Meet Broad Street Oyster Co.’s Owner Christopher Tompkins
“Follow your dreams and ask questions later.”
Christopher Tompkins stopped by the Institute of Culinary Education's Los Angeles campus for a discussion with Director of Restaurant & Hospitality Management Mishel LeDoux about his experience in the hospitality industry as part of the Meet the Culinary Entrepreneurs series.
Tompkins' journey is rather unconventional, but he believes it doesn’t take much besides dedication and a love of food to find success.
Originally from New York, Tompkins traveled internationally in his mid-20s, taking odd jobs, living out of a backpack and completely faced with uncertainty. He was uncertain about where he would sleep each night. Uncertain about his career. Uncertain about his future.
Since high school, Tompkins dreamed of having a seafood food truck but always thought he needed more money or knowledge on the subject before starting his own business.
"Fast-forward to when I was 27,” Tompkins says. "I still didn’t have money, I still didn’t know what I was doing, and I was still scared. So then I thought to myself, ‘Whelp. Now’s the time.’”
When Tompkins returned to the United States, he couldn’t stop moving. He packed up his few belongings and drove across the country from New York City to Los Angeles, traded his pick-up truck for a van, called up some of his east-coast fishing connections and started serving up New England-inspired lobster rolls at small events across the city.
“The idea had been formulating, and I finally just took the plunge,” Tompkins says.
He would set up his pop-up stand in front of bars or cater private parties to start. Over the span of a year, Broad Street Oyster Co. amassed a healthy following that kept Tompkins busy seven days a week. It was around this time that Tompkins first expanded his seafood empire by hiring a friend that he could drop off to cater a second event each night.
In 2018, Tompkins soon landed his first big break. Broad Street Oyster Co. was invited to Smorgasburg, Downtown Los Angeles’s largest weekly open-air food market.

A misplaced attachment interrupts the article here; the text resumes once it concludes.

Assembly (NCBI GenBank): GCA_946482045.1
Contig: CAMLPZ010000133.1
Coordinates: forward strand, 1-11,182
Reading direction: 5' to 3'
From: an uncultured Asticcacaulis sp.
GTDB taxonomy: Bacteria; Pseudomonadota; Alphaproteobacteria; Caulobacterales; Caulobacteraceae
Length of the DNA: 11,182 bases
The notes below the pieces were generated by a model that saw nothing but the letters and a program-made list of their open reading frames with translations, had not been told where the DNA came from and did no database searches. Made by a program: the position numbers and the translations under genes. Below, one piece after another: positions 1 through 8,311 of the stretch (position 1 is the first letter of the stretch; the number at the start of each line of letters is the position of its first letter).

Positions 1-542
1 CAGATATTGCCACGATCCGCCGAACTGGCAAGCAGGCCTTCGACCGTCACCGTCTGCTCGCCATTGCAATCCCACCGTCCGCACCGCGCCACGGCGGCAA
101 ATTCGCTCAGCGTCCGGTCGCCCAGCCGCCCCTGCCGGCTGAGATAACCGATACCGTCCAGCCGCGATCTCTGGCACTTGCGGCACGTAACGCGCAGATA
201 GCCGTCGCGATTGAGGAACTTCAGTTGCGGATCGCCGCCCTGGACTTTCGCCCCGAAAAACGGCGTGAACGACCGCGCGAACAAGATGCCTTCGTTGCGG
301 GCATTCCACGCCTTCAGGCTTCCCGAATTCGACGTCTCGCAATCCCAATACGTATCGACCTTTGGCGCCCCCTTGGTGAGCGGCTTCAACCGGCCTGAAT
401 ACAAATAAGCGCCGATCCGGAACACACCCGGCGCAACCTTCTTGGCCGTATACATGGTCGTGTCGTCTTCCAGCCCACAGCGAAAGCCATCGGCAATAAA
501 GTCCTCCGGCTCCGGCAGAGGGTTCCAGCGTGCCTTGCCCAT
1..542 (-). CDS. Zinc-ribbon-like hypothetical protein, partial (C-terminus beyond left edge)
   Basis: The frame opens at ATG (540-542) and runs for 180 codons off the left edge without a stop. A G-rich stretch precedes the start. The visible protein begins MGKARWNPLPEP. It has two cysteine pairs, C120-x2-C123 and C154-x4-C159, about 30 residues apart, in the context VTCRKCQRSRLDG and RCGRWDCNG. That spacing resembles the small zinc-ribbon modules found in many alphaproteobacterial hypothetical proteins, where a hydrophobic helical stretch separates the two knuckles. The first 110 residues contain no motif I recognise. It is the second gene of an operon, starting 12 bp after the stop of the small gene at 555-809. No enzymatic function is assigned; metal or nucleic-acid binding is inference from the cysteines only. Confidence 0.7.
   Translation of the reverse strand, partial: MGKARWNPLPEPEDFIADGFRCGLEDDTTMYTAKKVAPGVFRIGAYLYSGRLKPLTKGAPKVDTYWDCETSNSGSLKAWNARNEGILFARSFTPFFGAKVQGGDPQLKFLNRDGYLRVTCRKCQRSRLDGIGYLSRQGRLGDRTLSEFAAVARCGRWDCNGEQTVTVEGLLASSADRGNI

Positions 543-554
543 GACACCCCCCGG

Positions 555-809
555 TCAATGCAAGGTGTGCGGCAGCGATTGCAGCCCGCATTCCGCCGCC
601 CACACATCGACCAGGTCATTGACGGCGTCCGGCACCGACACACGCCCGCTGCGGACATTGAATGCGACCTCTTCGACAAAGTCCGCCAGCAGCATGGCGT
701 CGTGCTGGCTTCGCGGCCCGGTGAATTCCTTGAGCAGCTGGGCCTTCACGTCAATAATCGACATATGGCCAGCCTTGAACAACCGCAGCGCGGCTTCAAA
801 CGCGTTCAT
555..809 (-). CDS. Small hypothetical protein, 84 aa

“I thought that I won the lottery. This is it. This is the break that I needed,” Tomkins says.
But the pressure was on, and Tompkins knew that he had to provide “an extra special experience.”
This “experience” would be a Smorgasburg exclusive “50-dollar lobster roll,” featuring lobster meat, uni and caviar on a squid ink bun. Tompkins plated one of these rolls the day of his first Smorgasburg, posted it on social media and waited to see if people would come looking for it. And they did, one after another. Because of its popularity at Smorgasburg, lobster rolls with caviar and uni and can still be found on the menu at all Broad Street Oyster Co. locations.
A year later, Tompkins was approached “by a gentleman in a suit” at one of his catering events. He offered Tompkins a summer residency for Broad Street Oyster Co. in Malibu Village, a shopping center located off of the scenic Pacific Coast Highway.
Surprisingly, it wasn’t an easy sell for Tompkins at the time, who feared that he might be rushing things for his business. Rushing was an understatement — because of a stipulation, he would have to open the restaurant within two weeks of signing the month-to-month licensing agreement.
After some convincing by a mutual friend who knew the offerer for putting Grand Central Market vendor “Eggslut” on the map, Tompkins agreed to the terms and opened the Broad Street Oyster Co.’s first brick-and-mortar location at 23359 Pacific Coast Highway in Malibu. This summer residency proved to be a huge hit, and Tompkins would later negotiate more favorable terms for a more permanent lease.
What started off as a humble New England-inspired, LA-based pop-up then took off in a way Tompkins never expected.
Opening day arrived, and so did a crowd of hungry fans, food writers and local beach-goers. The location is still so well-loved that it has since spawned Broad Street Coffee Co., a sister cafe serving coffee and gelato right next door.
Even through the COVID-19 lockdown in 2020, Broad Street Oyster Co. thrived by converting its parking lot into a drive-through. This adaptability is a prime example of Tompkins riding the wave through the ups and downs of restaurant ownership.
As COVID restrictions eased, things would never really go back to “normal” for Tompkins. He would soon open Broad Street Oyster Company’s second location in Downtown LA’s historic Grand Central Market, followed by a third location in coastal Santa Barbara in 2022. Broad Street Oyster Co. was also invited to cater under the VIP tent at the Coachella Valley Music and Arts Festival in 2022 and again in 2023.
Broad Street Oyster Co.’s expansion continues. Later this year, hungry seafood lovers will be able to get a lobster roll or oysters on the half shell from their upcoming locations on the Huntington Beach Pier, and in San Francisco’s Ghirardelli Square.
Perhaps the most sage advice that Tompkins offered ICE students was about seeing things through, even at the beginning of their careers.
“You do not know what you don’t know," he says. "Sometimes you just have to do something until they tell you that you can’t do it.”
ICE is honored to have hosted Christopher Tompkins and cannot wait to see what’s in store for this seafood sensation. Watch the full replay of his discussion below.